Jenna Cocullo, Local Journalism Initiative
A second migrant worker at Greenhill Produce has written a letter raising concerns over the COVID-19 outbreak.
The employee said that the migrant workers would like the Jamaican government to mandate their liaison officers to check each farm once per month to ensure owners are adhering to rules and regulations. They would also like more education regarding migrant workers’ rights.
Chris Ramsaroop, organizer at Justice for Migrant workers, said the organization has verified the identity of the individual.
Justin Geertsma, general manager of Greenhill Produce, and Carlton Anderson, chief liaison officer, with Jamaica Liaison Services, could not be immediately reached for comment after The Voice received the letter late Monday afternoon.
However, in response to the first letter, Geertsema said they’re working closely with Chatham-Kent Public Health and are following their specific guidance explicitly.
Another allegation was made in the new letter, stating that on April 27, when the first COVID-19 cases had been reported at Greenhill, migrant workers were told to contact their liaison officers.
The worker said they were told by their officers that management had no facility to separate them so they have to work as is.
“Jamaica Liaison Officers also fear losing (their contract) with Greenhill Produce as Jamaicans have been working with this farm over 15 years now.”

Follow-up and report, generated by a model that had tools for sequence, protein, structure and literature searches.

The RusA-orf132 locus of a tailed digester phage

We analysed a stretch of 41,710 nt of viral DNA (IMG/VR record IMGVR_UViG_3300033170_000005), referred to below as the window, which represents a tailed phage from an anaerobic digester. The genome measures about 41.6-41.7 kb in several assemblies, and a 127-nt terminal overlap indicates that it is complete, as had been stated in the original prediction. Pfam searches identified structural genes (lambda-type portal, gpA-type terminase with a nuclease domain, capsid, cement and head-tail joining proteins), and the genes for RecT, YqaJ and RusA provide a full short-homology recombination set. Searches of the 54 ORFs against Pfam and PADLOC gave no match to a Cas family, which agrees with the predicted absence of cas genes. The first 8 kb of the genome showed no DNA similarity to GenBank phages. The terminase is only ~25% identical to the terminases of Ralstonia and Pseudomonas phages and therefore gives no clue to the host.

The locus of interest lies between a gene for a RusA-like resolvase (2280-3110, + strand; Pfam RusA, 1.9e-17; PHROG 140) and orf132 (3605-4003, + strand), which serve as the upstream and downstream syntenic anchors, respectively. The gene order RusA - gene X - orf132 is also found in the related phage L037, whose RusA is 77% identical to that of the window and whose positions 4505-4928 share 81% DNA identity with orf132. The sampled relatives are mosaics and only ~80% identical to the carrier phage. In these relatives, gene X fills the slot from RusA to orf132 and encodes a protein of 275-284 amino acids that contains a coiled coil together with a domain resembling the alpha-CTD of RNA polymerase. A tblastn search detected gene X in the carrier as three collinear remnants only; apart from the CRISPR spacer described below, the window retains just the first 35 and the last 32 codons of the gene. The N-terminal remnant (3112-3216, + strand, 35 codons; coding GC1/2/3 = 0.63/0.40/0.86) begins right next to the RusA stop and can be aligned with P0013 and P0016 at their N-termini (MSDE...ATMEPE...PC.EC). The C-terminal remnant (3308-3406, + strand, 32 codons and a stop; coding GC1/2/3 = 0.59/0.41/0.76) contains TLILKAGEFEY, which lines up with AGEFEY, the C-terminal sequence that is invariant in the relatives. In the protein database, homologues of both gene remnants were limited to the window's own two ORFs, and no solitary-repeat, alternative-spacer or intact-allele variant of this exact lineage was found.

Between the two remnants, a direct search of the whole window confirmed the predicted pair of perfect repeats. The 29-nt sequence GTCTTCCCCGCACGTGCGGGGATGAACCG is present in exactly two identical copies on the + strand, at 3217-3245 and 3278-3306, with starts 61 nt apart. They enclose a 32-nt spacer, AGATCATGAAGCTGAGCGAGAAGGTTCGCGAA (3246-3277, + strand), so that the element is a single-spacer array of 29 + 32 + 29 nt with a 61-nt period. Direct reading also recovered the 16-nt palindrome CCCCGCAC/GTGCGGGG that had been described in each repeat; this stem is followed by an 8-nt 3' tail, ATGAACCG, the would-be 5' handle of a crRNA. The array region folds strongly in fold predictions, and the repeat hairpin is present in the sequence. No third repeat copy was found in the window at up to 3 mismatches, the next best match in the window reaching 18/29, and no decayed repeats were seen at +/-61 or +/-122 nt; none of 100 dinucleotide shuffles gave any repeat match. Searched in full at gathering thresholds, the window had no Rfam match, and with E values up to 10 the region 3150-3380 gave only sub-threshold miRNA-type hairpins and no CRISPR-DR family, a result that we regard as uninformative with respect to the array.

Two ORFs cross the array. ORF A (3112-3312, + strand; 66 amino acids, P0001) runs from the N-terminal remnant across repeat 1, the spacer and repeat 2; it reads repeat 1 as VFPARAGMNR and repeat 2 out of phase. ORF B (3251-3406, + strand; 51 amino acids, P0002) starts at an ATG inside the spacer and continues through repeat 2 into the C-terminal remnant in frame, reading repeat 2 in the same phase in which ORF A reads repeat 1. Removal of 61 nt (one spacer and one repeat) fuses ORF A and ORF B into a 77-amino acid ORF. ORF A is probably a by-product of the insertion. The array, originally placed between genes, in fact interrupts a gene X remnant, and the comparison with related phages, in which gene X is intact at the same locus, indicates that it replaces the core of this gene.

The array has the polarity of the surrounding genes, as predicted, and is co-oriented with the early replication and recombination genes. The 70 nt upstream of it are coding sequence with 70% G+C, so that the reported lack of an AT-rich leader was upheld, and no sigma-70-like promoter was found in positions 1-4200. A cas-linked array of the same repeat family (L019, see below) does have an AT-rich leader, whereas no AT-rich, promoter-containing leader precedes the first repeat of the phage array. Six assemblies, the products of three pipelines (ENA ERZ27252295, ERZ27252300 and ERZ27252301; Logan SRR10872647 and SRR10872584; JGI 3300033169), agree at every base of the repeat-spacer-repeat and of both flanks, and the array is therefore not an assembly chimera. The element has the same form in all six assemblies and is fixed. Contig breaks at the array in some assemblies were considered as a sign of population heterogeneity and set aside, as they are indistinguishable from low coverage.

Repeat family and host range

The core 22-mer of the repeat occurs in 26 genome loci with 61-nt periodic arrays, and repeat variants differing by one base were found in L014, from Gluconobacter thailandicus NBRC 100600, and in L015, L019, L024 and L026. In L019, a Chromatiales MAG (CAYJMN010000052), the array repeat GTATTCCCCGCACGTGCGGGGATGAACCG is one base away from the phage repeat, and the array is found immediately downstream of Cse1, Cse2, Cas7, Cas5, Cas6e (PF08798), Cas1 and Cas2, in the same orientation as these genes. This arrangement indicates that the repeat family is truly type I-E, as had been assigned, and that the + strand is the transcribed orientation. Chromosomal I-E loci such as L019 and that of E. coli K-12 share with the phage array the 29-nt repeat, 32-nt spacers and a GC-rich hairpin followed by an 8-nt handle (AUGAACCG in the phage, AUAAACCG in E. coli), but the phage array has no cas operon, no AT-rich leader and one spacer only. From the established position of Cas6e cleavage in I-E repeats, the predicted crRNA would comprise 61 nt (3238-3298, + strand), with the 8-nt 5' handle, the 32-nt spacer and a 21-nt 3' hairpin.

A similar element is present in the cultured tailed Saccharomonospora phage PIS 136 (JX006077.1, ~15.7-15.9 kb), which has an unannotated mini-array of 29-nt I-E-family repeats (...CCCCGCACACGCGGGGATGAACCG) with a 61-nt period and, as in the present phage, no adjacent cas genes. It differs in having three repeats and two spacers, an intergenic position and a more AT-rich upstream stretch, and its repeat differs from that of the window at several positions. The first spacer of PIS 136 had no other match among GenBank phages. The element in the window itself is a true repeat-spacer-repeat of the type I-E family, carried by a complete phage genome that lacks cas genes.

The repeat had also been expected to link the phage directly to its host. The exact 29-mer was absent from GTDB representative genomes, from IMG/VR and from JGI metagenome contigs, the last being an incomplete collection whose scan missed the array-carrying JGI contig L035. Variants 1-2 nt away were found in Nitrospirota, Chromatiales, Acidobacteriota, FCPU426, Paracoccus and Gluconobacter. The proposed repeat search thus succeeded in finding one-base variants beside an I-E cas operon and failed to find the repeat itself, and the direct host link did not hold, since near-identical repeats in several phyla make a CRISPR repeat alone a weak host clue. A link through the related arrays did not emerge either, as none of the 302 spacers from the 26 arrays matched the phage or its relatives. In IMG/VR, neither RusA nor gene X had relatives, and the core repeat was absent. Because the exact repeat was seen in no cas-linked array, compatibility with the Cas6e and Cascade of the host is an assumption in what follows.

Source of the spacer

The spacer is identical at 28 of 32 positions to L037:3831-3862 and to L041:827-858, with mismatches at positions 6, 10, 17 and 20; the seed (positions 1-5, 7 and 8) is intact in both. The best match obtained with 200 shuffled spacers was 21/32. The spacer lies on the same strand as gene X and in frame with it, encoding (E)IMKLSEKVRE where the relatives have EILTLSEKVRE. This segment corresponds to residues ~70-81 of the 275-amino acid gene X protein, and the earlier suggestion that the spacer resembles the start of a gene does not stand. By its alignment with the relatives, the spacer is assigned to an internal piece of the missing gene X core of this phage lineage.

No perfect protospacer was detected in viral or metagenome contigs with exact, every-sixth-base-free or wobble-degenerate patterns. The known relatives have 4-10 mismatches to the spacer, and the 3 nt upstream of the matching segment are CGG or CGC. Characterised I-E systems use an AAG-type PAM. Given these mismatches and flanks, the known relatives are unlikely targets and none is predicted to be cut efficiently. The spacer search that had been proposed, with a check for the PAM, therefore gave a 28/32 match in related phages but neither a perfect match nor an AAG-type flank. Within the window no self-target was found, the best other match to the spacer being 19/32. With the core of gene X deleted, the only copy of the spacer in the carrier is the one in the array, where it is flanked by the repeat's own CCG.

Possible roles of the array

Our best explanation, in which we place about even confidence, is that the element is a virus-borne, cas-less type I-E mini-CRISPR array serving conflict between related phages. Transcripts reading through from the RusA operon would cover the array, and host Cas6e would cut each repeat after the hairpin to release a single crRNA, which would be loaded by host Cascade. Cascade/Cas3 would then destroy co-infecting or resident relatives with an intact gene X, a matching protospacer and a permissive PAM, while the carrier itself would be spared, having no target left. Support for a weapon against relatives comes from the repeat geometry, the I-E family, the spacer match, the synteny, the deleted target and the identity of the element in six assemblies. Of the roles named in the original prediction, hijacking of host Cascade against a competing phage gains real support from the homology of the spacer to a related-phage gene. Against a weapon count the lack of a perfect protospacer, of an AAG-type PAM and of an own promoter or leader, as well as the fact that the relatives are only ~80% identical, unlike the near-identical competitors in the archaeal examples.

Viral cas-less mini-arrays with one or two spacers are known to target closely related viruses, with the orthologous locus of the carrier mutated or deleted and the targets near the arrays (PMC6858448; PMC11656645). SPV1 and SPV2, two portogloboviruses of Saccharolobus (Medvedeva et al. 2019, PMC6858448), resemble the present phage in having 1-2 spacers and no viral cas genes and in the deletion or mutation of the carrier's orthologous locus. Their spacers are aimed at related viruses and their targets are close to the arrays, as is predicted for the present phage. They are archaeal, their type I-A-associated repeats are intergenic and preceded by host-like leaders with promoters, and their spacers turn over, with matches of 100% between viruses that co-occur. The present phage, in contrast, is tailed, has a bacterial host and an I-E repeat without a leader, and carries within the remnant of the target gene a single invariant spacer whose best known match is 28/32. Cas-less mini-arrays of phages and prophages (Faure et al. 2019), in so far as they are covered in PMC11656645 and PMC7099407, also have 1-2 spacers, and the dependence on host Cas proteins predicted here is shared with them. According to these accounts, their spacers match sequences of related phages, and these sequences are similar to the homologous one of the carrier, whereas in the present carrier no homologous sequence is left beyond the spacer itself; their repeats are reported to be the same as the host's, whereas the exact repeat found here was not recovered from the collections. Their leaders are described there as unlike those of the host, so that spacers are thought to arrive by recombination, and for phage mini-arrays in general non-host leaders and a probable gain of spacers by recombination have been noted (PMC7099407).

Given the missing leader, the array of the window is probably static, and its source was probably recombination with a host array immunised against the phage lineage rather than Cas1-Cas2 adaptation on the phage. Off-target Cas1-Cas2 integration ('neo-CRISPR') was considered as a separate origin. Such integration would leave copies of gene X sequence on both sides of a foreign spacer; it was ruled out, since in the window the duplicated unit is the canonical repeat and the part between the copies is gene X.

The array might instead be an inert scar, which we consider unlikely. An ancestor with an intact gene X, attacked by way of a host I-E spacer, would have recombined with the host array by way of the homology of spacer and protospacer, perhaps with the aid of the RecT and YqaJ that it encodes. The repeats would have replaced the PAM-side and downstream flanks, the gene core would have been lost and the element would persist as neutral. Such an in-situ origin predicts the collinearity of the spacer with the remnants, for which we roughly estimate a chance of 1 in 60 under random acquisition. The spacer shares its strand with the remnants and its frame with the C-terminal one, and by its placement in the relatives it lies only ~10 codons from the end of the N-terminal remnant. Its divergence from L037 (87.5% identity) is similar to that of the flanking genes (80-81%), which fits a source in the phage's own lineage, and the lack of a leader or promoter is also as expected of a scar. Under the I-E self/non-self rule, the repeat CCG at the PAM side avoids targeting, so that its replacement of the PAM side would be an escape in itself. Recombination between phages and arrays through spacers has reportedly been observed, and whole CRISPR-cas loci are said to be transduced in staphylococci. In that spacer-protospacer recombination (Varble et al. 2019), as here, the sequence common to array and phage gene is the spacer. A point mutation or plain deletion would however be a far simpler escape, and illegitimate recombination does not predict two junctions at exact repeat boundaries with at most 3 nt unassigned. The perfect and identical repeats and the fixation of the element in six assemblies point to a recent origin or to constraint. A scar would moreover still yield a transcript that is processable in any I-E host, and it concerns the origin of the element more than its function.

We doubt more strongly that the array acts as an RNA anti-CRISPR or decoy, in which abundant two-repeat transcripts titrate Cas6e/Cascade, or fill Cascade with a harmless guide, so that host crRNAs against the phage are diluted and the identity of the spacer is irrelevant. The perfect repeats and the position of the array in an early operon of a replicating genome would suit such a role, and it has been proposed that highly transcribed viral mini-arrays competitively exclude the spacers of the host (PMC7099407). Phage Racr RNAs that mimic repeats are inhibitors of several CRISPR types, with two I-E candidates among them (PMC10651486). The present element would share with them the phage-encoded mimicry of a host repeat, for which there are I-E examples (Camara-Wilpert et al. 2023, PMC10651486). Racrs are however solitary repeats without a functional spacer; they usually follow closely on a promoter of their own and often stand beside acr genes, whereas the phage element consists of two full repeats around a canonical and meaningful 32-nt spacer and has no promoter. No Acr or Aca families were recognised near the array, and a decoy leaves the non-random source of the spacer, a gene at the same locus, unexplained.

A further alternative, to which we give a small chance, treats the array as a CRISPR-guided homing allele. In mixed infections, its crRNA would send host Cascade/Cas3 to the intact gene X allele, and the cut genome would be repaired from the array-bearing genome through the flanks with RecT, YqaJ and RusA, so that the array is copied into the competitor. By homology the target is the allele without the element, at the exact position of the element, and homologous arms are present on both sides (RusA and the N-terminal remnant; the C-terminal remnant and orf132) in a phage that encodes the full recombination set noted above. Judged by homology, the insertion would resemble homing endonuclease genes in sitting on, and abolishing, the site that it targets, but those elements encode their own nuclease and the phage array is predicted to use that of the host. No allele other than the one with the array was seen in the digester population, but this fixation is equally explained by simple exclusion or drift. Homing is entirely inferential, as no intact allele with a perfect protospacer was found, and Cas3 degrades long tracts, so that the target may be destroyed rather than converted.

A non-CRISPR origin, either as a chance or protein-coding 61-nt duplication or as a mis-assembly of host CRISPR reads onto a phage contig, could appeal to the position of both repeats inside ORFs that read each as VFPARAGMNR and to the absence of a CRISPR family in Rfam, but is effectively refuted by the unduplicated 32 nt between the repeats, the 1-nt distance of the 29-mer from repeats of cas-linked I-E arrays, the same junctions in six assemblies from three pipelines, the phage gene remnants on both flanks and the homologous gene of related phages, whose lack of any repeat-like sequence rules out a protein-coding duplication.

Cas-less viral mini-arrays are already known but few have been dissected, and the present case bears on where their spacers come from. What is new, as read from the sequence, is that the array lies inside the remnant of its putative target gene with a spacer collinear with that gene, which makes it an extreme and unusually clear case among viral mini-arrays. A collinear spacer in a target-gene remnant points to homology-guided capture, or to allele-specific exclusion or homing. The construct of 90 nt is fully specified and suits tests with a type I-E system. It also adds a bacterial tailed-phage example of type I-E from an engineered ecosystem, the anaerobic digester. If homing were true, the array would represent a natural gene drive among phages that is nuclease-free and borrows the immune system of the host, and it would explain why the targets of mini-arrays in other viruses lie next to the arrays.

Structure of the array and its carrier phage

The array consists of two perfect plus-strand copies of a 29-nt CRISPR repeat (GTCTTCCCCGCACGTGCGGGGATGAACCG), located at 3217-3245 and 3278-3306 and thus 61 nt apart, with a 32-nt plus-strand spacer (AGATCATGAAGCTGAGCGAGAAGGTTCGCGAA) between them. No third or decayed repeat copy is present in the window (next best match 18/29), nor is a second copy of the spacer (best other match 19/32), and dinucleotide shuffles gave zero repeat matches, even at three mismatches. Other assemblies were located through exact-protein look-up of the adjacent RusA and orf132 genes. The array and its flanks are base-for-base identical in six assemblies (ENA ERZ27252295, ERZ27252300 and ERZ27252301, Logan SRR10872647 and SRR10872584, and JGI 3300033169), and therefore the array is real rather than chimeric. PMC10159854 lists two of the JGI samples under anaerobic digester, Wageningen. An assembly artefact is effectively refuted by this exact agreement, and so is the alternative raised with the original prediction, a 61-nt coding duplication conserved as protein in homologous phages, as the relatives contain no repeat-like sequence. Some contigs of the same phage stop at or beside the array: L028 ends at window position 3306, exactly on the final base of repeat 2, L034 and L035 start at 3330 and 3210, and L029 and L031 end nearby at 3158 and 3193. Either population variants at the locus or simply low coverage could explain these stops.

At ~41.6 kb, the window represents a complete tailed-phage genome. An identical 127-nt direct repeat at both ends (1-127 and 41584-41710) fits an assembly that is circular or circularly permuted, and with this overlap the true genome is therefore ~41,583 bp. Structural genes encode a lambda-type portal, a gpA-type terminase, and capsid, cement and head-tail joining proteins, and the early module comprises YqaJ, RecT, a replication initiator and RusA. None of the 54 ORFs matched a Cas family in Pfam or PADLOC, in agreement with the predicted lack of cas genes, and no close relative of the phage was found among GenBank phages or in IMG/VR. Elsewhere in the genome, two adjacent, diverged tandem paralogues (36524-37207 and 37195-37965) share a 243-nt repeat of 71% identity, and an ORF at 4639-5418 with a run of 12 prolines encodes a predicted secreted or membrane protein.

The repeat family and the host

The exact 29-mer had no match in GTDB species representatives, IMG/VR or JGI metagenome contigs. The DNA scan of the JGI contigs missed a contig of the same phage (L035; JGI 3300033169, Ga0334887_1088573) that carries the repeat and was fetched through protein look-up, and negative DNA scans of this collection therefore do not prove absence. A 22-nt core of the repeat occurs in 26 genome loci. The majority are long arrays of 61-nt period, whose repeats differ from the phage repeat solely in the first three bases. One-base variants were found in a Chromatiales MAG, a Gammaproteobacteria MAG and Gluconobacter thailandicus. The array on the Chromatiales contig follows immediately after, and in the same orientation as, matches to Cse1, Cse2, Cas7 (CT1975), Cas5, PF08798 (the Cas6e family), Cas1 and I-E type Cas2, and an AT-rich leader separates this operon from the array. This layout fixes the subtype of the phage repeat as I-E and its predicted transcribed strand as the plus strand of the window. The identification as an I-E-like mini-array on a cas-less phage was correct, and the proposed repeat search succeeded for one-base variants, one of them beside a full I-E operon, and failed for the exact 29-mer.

“We talk to our employees regularly to let them know we are here to support them and to let them know we are taking all health guidelines seriously … (Public Health) are directing all our protocols and isolation activities on farm including mandatory active screening, physical distancing, accommodation specifics, requiring all employees to wear masks and gloves at all times, instituting strict sanitation processes to be executed twice a day, and erecting physical barriers where needed,” Geertsema stated.
The migrant worker wrote that the relationship between their country and Canada is a reciprocal one and would like the Canadian government to respect them as essential workers.
“With the world crisis, currently nurses, doctors, police, are considered as essential workers. What about migrant workers from Jamaica, Mexico, Guatemala, Thailand, and Philippines?” the letter reads. “To leave our families annually to come here to work, especially in these times is a big sacrifice … Our work and sacrifices not only help families from our home countries but the host countries as well.”
READ MORE: MIGRANT WORKER RIGHTS OVERLOOKED: ADVOCATE